The NRC proposal was implemented pursuant to an executive order issued by President Wilson in that same year (1916), and the NAS established the NRC under its original charter, but broadening the community of experts involved to include not only members of the Academy but also other experts from the larger scientific and technological communities.Footnote 7 In the decades that followed, subsequent Presidential executive orders further defined and underscored a broader role for the NRC to play in providing science advice to the government in times of peace, as well as war and in ultimately integrating the roles of the Academy and the NRC.Footnote 8

Following World War I, the NRC’s role in providing advice to the government continued to expand gradually, especially as world war loomed once again in the 1940s. The beginnings of the American nuclear research program, aviation research, and many other applied science and engineering areas initiated in anticipation of the United States entering the war began with substantial assistance of the NAS and the NRC.Footnote 9 There remained importantly, however, a deliberate separation between the advisory role of the NRC and groups implementing that advice within the government, even though many individuals served in both capacities, often simultaneously.Footnote 10 Vannevar Bush, for example, a prominent engineer, inventor and founder of Raytheon Corporation (and veteran of the World War I submarine detection efforts), was very active in the Academy’s advisory efforts (Cochrane, 1978: 394ff) in the 1930s as well as ultimately in directing the defense research and development effort within the government as chairman of the highly classified National Defense Research Committee (NDRC). The NRDC was created in 1940 to “to coordinate, supervise, and conduct scientific research on the problems underlying the development, production, and use of mechanisms and devices of warfare”.Footnote 11

In the wake of World War II, as the role of science and technology became inextricably linked to essentially all aspects of modern life and, in particular, as a “military industrial complex”Footnote 12 developed throughout the U.S. economy in support of the cold war against the Soviet Union, the Academy’s role in service to the nation continued to expand as well. The NAS’s centennial history recounts:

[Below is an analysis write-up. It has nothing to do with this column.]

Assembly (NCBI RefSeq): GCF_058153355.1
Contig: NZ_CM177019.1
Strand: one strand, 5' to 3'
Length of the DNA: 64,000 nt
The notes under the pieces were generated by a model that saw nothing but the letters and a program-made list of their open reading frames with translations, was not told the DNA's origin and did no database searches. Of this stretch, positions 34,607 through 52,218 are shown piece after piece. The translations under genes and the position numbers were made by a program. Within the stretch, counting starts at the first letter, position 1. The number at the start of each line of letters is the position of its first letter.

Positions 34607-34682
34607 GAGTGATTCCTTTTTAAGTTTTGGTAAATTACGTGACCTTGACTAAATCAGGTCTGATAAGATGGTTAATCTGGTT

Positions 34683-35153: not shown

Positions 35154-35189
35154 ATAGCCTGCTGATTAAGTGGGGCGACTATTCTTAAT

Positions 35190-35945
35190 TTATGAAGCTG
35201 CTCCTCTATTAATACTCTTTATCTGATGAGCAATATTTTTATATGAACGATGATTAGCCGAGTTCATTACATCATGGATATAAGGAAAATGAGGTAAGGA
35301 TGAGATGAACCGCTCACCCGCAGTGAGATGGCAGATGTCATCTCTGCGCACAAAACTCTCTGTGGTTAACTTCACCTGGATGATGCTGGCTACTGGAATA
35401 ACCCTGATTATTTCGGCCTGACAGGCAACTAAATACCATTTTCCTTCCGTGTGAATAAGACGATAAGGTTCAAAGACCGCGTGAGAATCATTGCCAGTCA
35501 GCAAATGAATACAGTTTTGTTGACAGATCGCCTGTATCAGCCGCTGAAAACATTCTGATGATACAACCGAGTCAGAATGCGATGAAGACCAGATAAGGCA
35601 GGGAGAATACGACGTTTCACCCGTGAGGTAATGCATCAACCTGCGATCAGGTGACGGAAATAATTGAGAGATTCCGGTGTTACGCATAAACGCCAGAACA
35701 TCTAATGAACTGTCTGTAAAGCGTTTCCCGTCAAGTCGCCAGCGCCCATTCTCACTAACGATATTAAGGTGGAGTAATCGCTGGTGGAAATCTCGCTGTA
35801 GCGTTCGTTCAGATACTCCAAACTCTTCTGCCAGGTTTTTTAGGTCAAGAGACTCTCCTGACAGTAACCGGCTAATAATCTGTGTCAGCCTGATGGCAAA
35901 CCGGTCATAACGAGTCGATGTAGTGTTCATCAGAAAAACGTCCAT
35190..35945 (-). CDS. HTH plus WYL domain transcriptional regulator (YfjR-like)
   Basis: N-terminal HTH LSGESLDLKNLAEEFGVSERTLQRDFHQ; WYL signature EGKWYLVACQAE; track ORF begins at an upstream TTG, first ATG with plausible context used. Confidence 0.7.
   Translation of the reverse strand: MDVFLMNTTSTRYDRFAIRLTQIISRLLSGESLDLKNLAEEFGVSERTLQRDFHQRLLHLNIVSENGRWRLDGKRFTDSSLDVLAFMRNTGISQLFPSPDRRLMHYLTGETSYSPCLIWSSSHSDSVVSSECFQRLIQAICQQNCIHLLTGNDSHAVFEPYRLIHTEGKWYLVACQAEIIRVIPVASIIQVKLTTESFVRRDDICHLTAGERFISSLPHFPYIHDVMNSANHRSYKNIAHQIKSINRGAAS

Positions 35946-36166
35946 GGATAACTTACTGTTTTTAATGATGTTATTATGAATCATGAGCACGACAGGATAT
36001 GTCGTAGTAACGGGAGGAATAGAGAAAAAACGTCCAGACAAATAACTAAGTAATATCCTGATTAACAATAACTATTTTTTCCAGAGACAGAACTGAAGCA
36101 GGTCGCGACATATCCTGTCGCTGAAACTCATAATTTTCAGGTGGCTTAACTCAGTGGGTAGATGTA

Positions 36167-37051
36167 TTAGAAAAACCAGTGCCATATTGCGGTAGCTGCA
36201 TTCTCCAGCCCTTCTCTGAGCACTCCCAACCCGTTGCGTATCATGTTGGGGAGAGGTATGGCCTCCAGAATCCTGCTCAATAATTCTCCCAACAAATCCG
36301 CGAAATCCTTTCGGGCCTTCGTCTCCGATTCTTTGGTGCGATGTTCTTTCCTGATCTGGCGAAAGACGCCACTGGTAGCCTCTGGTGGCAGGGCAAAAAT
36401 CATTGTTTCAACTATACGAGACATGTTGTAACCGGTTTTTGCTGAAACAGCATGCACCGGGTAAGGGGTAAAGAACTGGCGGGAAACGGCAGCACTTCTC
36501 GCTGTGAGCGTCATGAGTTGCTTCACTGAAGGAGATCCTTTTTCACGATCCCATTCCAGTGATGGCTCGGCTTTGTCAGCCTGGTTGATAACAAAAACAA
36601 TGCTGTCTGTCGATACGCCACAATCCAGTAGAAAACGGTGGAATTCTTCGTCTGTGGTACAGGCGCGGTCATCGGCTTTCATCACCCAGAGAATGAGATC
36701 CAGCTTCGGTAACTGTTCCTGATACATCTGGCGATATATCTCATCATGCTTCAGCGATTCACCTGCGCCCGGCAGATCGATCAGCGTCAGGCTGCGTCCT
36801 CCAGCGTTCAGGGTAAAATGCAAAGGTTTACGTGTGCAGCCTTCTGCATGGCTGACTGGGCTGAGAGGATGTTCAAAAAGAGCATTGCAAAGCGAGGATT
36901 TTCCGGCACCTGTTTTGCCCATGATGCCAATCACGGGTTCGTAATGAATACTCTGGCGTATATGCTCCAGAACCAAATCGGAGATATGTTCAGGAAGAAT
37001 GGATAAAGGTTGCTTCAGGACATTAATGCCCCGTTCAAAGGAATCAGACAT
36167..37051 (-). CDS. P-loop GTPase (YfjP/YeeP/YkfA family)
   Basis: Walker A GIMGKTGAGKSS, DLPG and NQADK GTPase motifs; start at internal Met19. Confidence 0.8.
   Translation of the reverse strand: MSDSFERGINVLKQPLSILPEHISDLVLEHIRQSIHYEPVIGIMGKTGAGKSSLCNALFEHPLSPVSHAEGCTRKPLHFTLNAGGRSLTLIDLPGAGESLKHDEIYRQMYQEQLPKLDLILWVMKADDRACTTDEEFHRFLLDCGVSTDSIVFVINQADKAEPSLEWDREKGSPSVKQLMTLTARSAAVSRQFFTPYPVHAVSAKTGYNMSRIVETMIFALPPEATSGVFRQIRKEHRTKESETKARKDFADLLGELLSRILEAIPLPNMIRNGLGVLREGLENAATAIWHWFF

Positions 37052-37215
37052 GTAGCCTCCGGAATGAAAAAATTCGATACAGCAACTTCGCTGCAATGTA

In the chaotic state of the postwar world, science, long on the periphery of government, was now an acknowledged national resource and science policy a national imperative. Its initial recognition as national resource, set forth in Vannevar Bush’s Science, the Endless Frontier in 1945 and in the Steelman report, Science and Public Policy, in 1947, took legislative shape in the establishment of the Atomic Energy Commission and the Office of Naval Research in 1946, the science-oriented reorganization of the Department of Defense in 1947–1949, the establishment of the National Science Foundation in 1950, of the National Aeronautics and Space Administration in 1958, and the restructuring of the National Bureau of Standards authorized in 1960. The array of Presidential advisory committees and councils, heavily weighted with members of the Academy, which counseled these new or reoriented science elements in the federal establishment, measured the revolution that had occurred in the relation of government to science in less than two decades. (Bush, 1945; Steelman, 1947; and Cochrane, 1978: 564).

As the NAS’s efforts expanded in the post war period, it established the National Academy of Engineering in 1964 and the Institute of Medicine (IOM) in 1970, both under the authority of the NAS’s original congressional charter. The IOM was renamed the National Academy of Medicine in 2015 and, today, all three of the Academies consist of members elected by peers in recognition of distinguished achievement in their respective fields.Footnote 13 Now known collectively as the National Academies of Sciences, Engineering and Medicine, the role of the overall organization, encompassing the three Academies and the NRC, in preparing and delivering science and technology advice to the government has evolved considerably over the past century with experience, additional presidential executive orders (Executive Office of the President, 1993), several federal court decisions, federal legislation, and a range of other factors all shaping this evolution today (the focus of this article).

Today, the Academies’ advice traditionally takes the form of published reports, which are prepared by study committees appointed by the NRC’s chairFootnote 14 to address issues for which Academies studies are formally requested and sponsored financially and otherwise by federal agencies or the U.S. Congress.Footnote 15 Pursuant to the NRC’s charter, over 7,000 committee members, who include elected members of the three academies and by design other experts drawn from the broader science, engineering, medical, and other professional communities, volunteer their time annually, contributing pro bono to hundreds of committees addressing issues as requested by interests across the government. Essentially all Academies study committees include elected Academy members—on average, about 20 percent of appointed committee members are elected members of one or more of the Academies.